Big fan turnout greets Rams at their California workout
OXNARD, Calif. -- If the Rams are headed back to Southern California, their long-suffering local fans are ready to welcome them home.
The St. Louis Rams were greeted by a huge contingent of jersey-wearing, flag-waving fans chanting "L.A. Rams!" as they took the practice fields Monday in Oxnard, an hour west of Los Angeles.
The Rams are in Ventura County for three days of workouts at the Dallas Cowboys' training complex, but they're also providing a tantalizing appetizer for fans who know the franchise is weighing a return to Los Angeles, its home for 49 years until 1995.
Two decades away haven't dimmed the passion of the fans whose shouts of "Whose house? Rams' house!" echoed through an Oxnard crowd packed with jerseys of players ranging from Los Angeles favorites Vince Ferragamo and Jack Youngblood to St. Louis stars Robert Quinn and Nick Foles.
Even Rams owner Stan Kroenke was spotted at the Cowboys' training complex, which encompasses most of a hotel just a few miles from the Pacific Ocean.
Kroenke, the billionaire who lives much of the year in Malibu, rarely attends camp in Missouri. He has purchased land in Inglewood and partnered with developers to build a palatial football stadium capable of housing two NFL teams -- but done it all without explicitly saying he intends to move the Rams.
The Rams traveled to Los Angeles after a preseason loss in Oakland last Friday, and they had the weekend off from practice. Many players spent the weekend checking out the town: Linebacker James Laurinaitis ran into Arnold Schwarzenegger while working out at the famed Gold's Gym in Venice, and running back Benny Cunningham hit Hollywood's famed Roscoe's House of Chicken and Waffles.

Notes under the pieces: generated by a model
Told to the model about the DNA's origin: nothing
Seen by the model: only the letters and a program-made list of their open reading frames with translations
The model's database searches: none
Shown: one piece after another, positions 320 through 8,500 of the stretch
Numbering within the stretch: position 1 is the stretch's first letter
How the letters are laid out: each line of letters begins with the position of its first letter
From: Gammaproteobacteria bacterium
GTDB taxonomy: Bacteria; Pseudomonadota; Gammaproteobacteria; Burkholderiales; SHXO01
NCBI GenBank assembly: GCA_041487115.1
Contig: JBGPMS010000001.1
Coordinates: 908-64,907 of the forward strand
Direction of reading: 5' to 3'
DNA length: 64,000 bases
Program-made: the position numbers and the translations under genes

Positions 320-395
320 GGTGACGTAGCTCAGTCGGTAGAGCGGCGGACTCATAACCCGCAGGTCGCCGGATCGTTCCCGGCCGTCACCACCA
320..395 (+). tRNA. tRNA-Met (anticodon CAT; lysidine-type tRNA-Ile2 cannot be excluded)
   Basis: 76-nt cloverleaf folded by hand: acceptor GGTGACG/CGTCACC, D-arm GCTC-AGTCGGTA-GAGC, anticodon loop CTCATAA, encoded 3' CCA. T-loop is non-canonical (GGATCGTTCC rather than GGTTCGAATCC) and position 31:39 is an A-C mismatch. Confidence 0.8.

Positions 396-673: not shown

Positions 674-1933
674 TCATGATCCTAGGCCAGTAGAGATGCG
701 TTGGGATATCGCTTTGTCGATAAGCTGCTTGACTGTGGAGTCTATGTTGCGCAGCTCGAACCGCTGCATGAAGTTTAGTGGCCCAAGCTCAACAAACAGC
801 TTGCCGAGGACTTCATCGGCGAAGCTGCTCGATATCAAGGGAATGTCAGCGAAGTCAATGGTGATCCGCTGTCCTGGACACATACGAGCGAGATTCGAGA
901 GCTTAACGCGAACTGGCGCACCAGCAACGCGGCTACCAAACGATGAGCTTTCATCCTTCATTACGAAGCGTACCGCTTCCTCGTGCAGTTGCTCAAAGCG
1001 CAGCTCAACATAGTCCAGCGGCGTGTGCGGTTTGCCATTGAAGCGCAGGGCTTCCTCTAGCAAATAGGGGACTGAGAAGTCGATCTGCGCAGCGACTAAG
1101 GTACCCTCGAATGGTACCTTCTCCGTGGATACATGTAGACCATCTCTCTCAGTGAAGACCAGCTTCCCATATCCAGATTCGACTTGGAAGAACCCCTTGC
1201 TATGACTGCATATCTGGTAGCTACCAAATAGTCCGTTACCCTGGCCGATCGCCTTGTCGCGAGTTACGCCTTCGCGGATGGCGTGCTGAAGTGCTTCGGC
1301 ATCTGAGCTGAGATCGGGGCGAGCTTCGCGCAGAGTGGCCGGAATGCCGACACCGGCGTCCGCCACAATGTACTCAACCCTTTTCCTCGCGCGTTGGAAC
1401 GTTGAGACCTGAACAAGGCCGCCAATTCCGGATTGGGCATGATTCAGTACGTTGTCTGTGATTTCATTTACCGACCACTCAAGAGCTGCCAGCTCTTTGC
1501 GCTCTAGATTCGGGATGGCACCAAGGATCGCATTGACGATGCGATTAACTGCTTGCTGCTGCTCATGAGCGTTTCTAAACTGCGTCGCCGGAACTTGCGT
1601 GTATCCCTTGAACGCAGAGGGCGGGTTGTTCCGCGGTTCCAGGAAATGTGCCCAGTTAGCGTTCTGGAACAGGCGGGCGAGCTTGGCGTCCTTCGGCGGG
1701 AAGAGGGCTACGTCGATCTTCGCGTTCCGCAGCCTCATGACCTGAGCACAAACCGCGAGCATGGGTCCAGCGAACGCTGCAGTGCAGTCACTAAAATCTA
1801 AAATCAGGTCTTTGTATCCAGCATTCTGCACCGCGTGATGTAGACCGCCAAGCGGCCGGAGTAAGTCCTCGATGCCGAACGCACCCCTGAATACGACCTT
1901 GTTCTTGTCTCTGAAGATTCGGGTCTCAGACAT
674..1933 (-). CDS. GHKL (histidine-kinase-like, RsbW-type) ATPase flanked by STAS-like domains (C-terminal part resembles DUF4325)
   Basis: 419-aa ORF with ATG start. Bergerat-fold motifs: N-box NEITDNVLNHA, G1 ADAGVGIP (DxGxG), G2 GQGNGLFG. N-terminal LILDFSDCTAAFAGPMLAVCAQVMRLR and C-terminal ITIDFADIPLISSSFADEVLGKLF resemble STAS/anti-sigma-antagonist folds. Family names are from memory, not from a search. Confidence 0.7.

Inglewood Mayor James T. Butts Jr. also turned out for the Rams' Oxnard trip. He said the stadium site is getting utility and sewer lines, and he believes it will be ready for construction in mid-December.
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Butts was impressed by the fan turnout in Oxnard, but not surprised.
"I think it's a huge message to the Rams' popularity here in Southern California," Butts said. "The Rams are the team that most of us as children grew up with. Roman Gabriel. Jack Snow. The Fearsome Foursome. That is part of our DNA growing up, so there is no team that can claim they are more integrated into the psyche of the people that were old enough to attend football games than the Rams. That's hands-down. And then would come the Raiders."
The Rams became the first major pro sports team in Los Angeles when owner Dan Reeves uprooted his 1945 NFL champion team after eight NFL seasons in Cleveland, coveting the growing market and postcard-perfect weather of the West Coast.
The Rams were a Southland institution for the next five decades, winning the 1951 NFL title and reaching the Super Bowl after the 1979 season. Although they went through long stretches of poor play, they made generations of fans with their distinctive uniforms, star players and tradition.
For this special three-day engagement, the Southern California fans organized $30 round-trip bus rides and packed the parking lots hours before practice. They planned to wrap up each day with food, drinks and partying at a nearby restaurant.
Ray Soto has been a Rams fan since 1960, and he made the drive from Bakersfield to Oxnard to attend practice with his son and grandson. While his brothers gave up on the team after its move to the Midwest, Soto stayed faithful to the franchise that has been in his family's life since he gave a blue-and-white helmet to his son as a child.
"I feel sorry for the St. Louis fans, and I appreciate them taking care of our team," Soto said. "I know for sure they're coming back, because Kroenke knows how much value they'll have to bring them back here."